The exact workout that helped Candice Warner gain 5kg of muscle
Former Ironwoman Candice Warner gained 5kg of muscle and dropped four dress sizes to prepare for SAS Australia. Here, her trainer and founder of 98 Training Kev Toonen, reveals all the secrets behind her transformation.
There’s no doubt SAS Australia is one of the most mentally and physically challenging shows to be on.
Personal trainer Shannan Ponton experienced memory loss and severe frostbite being on the show, describing it as “the most confronting” process. Even cricket legend Mitchel Johnson’s mental health was put to the test in one episode, which led him to revealing his long battle with depression.
So, when Candice Warner was approached to be on the shown, she knew she needed to get mentally and physically fit.
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After she gave birth to her third child Isla Rose, Warner says she’d “pretty much lost all [her] strength”.
In an interview with news.com.au, the former Ironwoman says she could get through “maybe got five push-ups and half of a chin-up” two months following her pregnancy.
But after undergoing intense fitness training as part of SAS Australia, the mum-of-three says she’s stronger and more confident than ever. In fact, she’s gained 5kg of muscle and gone from a size 10 to a 6.
Body+Soul spoke to the man behind Candice’s incredible transformation, founder of 98 Training Kev Toonen, to find out exactly how he managed to get her in tip-top shape.
Exactly how Candice Warner gained 5kg on muscle for SAS Australia
With Candice, we looked at her strength – both lower and upper body – and her aerobic energy system. Once I had a solid idea of where she was, we set about making her body bullet proof to complete the task. I worked heavily on her lower body strength (this added in her ability to carry heavy loads over long distances and varied terrain) as well as her upper body strength and strength endurance so she could tackle the physical training over long periods.
I was mostly concerned with injuries – and by that, I mean I wanted to ensure her body was up to the physical strain the show would throw at her. When I say injuries, I mean things like when you are tired and fatigued and you fall or take a bad step. Someone with strong ligaments, tendons and relative strength (strength/size ratio) will be able to get back up and keep moving, and someone who isn’t will have a course ending injury.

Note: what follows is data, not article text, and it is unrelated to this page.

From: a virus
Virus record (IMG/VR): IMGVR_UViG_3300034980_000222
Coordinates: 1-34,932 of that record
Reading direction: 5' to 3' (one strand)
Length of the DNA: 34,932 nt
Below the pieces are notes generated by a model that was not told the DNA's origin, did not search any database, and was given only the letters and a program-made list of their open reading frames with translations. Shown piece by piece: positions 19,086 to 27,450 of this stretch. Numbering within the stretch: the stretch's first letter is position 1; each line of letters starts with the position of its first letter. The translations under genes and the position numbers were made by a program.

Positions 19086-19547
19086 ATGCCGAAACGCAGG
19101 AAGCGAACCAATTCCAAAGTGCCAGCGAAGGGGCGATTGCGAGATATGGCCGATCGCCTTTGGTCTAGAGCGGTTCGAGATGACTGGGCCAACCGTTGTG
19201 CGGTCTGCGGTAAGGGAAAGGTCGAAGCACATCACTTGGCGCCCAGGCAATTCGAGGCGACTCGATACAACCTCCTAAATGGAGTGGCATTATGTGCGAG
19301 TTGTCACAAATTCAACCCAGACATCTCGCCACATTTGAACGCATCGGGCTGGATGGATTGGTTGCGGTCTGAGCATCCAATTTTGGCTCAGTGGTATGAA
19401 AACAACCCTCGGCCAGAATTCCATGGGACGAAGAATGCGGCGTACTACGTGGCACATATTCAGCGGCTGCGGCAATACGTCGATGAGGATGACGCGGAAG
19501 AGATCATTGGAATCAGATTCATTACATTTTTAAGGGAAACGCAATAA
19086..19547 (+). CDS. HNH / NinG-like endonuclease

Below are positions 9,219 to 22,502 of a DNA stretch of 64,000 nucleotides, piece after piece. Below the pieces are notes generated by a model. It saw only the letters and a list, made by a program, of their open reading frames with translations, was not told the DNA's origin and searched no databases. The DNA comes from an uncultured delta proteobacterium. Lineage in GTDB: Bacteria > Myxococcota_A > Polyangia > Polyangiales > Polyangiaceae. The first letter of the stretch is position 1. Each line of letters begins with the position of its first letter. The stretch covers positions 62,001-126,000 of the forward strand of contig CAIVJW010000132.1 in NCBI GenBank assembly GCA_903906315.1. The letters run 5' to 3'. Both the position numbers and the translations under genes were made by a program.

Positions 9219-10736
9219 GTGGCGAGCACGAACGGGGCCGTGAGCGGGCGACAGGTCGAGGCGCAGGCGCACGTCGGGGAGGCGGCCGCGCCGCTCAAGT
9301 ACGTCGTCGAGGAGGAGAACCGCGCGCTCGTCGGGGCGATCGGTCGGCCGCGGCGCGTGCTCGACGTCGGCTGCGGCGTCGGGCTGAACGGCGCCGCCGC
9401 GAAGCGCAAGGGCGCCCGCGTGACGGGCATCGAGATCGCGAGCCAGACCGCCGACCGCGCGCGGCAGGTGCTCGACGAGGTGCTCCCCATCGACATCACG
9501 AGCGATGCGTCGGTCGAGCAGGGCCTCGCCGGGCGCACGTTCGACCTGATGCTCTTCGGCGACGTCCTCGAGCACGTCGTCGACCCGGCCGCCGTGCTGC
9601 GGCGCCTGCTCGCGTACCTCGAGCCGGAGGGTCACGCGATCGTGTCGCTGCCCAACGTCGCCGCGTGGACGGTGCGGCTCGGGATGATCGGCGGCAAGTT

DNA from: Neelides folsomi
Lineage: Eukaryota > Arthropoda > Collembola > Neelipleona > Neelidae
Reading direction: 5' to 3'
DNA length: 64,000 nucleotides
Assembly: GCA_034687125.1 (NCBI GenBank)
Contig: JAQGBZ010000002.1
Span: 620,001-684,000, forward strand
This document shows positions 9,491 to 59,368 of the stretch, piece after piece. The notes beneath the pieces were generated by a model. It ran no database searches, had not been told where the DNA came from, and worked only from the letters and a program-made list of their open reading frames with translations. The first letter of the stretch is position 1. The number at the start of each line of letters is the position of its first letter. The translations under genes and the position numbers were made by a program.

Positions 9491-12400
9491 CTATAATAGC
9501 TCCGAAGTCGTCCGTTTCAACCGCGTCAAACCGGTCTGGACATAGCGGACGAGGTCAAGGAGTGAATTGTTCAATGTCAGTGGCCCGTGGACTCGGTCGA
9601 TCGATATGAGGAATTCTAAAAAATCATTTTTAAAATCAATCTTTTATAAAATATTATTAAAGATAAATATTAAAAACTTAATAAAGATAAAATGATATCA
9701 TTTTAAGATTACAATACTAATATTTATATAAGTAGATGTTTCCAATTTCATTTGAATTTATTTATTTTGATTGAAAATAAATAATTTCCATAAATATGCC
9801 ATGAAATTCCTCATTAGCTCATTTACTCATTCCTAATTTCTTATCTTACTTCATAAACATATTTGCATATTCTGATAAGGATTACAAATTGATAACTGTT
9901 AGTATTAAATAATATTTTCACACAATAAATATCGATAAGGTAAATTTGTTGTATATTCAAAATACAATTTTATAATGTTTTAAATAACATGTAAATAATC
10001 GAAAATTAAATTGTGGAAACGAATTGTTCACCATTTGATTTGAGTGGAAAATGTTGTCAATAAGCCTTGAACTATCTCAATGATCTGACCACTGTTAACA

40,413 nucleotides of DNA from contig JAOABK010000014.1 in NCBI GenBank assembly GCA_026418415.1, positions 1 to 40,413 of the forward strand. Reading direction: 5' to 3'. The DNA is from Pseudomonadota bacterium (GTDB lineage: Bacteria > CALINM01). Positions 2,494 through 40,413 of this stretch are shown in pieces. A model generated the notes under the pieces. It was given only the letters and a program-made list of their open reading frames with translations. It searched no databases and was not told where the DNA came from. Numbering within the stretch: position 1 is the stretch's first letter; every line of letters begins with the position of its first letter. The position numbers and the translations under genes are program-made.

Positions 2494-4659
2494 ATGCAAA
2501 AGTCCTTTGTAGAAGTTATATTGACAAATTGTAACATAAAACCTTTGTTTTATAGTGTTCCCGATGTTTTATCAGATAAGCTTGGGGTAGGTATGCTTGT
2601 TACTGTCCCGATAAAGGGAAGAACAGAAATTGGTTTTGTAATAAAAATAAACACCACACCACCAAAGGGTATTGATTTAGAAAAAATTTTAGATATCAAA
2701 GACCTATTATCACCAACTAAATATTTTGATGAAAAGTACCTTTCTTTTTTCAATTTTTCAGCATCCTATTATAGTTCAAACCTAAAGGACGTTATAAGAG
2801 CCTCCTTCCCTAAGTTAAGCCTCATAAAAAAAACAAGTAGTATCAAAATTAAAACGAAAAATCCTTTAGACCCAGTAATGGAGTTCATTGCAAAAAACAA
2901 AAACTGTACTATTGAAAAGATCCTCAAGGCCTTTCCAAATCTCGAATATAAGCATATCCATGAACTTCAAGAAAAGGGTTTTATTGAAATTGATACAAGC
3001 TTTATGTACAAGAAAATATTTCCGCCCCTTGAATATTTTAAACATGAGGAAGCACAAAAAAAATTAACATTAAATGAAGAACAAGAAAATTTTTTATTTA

As well as the physical preparation, I needed her to adapt to the volume and workload that she would undertake whilst on the show and that is as mental as it is physical. There were programmed sessions and weeks in the preparation where I wanted her fatigued, sore and exhausted. Athletes train and perform when they are at their best. For example, the military need to perform at their best when they are at their worst, physically and mentally – you don’t get to have a bad day in combat.
I also got her doing what we in the Army call “pack marches” – carrying a heavy backpack over long distances and hilly terrain. So, Candice used to pack march to the gym and then train for 60-90 mins. We did this for a few weeks just so she could “feel” what it’s like to be tired, sore and then have to go in for more work.
Now the best thing about Candice is she works hard all the time and was – and is – the easiest person to program and train. The accolades for all this should be with her. I programmed it but she was attentive and gave her all each day for months. I guess that’s why she was a pro-ironwoman at 14-years-old and was able to do all this training while being a mother of three. It’s hard to understand just how exhausting something like this is unless you have done it and I am very proud of her because it’s a huge accomplishment.
Here’s an example of Candice’s pre-SAS workout.
Candice Warner’s SAS Australia workout
- 5 Rounds 25 x Barbell/KB Squat
- 25 x Banded Good Morning
*No break between sets and reps.
*Add weight to the bar / increase band tension
5 x 40m Sprint
60 seconds rest between sets
Then 5 x 3 Back Squat 60%/70%/80%/85%/85%
* 5 sets all up with these percentages applied to the sets in order
Then 5 x 8 Barbell RDL 60-90 seconds rest between sets
10 minute AMRAP 8 x Ground To Shoulder 200m Run